Friday, October 04, 2013

Habitat for Humanity Client Plays and Wins the Ghetto Lottery!

Re-posted by Nicholas Stix

Wow. Cheryl Storms played and won the ghetto lottery twice. However, it's not clear from the story if she sued the same organization twice, or two different entities once each. In any event, as my mom always says, "No good deed goes unpunished."

The aspect that makes her claim particularly ridiculous is her assertion that she found the mold before purchasing the home, but went ahead and bought it, anyway.

I suppose grifters like Storms will eventually sue Habitat out of existence.

Moldy home suit hits Habitat for Humanity

By Kelly Johnson
January 12, 2003, 9:00 p.m. PST
Sacramento Business Journal

The spread of mold litigation knows no bounds. Ask Sacramento Habitat for Humanity, a charitable group sued twice for mold damage in a house it built.

Travelers Indemnity Co. wants Sacramento Habitat for Humanity to repay what the insurance company spent on mold cleanup, replacement costs and living expenses for a Rio Linda woman who bought a house from the local charitable organization, and helped build it.

That same Rio Linda homeowner, in a separate case, confidentially settled her own lawsuit against Sacramento Habitat for Humanity in December. In her suit, filed in December 2001, Cheryl Storms had alleged faulty construction and personal injuries related to mold.

She had alleged that she and her five children suffered health problems as a result of mold, said her attorney, Evan Williams of Auburn. The house had mold, she claimed, because windows were improperly installed by Habitat.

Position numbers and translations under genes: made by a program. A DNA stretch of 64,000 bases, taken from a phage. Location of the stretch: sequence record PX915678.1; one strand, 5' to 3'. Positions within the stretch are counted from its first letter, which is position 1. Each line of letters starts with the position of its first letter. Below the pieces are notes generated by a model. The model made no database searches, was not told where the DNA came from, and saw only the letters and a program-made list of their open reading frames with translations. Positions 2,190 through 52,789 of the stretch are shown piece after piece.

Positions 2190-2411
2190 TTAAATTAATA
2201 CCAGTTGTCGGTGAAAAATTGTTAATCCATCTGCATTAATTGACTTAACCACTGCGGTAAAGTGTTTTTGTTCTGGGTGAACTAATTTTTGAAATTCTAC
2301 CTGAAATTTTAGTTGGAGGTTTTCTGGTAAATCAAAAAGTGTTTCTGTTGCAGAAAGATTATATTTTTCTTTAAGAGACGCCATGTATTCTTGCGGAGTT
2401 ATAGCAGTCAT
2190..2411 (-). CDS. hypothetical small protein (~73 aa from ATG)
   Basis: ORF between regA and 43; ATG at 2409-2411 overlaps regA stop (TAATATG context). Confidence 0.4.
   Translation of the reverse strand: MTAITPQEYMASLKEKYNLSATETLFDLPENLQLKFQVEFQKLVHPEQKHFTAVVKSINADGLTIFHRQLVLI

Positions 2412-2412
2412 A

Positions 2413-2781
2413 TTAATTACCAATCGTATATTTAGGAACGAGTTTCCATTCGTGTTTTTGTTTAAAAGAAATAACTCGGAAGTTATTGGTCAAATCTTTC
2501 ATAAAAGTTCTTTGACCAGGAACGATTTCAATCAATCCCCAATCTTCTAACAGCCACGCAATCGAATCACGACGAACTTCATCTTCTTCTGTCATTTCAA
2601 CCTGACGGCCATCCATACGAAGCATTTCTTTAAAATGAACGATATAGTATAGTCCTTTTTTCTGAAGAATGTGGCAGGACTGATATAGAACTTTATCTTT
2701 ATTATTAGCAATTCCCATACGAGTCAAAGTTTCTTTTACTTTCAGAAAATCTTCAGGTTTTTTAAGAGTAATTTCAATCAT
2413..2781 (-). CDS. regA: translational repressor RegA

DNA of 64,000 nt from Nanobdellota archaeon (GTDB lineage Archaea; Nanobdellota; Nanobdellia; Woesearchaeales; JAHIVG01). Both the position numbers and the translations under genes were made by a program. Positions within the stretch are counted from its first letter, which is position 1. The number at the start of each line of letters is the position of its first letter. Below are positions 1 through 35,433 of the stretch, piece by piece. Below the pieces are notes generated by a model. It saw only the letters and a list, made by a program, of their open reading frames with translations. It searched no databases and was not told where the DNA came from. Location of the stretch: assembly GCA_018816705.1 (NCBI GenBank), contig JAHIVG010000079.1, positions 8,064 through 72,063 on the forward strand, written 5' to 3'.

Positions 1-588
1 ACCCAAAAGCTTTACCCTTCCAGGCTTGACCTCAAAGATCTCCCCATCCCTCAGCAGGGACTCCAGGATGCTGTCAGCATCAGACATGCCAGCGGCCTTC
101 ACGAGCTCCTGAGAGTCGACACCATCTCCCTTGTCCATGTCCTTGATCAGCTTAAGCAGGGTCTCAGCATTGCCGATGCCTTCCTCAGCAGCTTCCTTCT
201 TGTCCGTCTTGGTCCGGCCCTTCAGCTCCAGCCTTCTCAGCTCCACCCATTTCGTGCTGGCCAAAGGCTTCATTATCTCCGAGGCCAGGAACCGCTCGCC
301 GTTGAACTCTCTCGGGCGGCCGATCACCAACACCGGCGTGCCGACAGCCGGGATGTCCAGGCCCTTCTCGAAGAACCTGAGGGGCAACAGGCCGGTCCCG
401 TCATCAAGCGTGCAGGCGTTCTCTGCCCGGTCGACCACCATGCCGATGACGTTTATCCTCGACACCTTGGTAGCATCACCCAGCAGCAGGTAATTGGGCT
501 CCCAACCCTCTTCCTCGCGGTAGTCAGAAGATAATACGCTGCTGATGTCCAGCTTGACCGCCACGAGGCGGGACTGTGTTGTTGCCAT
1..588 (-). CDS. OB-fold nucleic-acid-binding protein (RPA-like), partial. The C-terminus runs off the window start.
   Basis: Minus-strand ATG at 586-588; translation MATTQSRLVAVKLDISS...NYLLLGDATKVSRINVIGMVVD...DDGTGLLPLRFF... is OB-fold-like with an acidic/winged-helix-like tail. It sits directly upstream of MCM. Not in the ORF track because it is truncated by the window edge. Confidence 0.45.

Many of the family's personal items had to be thrown away; the insurance money reimbursed Storms for only the depreciated value of items; and the family had to live in a motor home on the property for months while repairs were made to the house, Williams said.

Getting a Habitat house is a privilege, Williams said, but Habitat cannot avoid minimal building standards. Also, he said, his client now faces higher insurance rates, if she can even obtain coverage with a mold claim in her insurance history.

"I don't want to impugn the motive of Travelers," said Archie Milligan, Habitat executive director. "There's just a disagreement of cause (of the mold) here."

Milligan's immediate reaction to the suit was to seek out resources to help educate Habitat homeowners on how to prevent mold.

The Travelers suit: Storms and Travelers pursued their action against Sacramento Habitat for Humanity separately.

In the Travelers lawsuit, filed Nov. 22 in Sacramento County Superior Court, the insurance company alleges breach of contract and negligence, among other faults.

Travelers alleges that Habitat for Humanity breached its written agreement by failing to fulfill its representation that the house was free from defects. Instead, the suit claims, the house had structural problems, including windows that weren't properly installed and a faulty slab. Because of Habitat's alleged negligence, Travelers paid for repairs, replaced personal items and paid for interim living expenses that collectively exceeded $145,900.
Travelers declined comment.

No claims of perfection: Storms, who was covered by Travelers from April 2000 to April 2001, leased the house in April 1998 and purchased it in March 2001. In late February 2001, Storms found toxic mold spores throughout the house, the suit says.
The suit alleges "that the house did not have proper ventilation and therefore created a situation where mold grew within the home."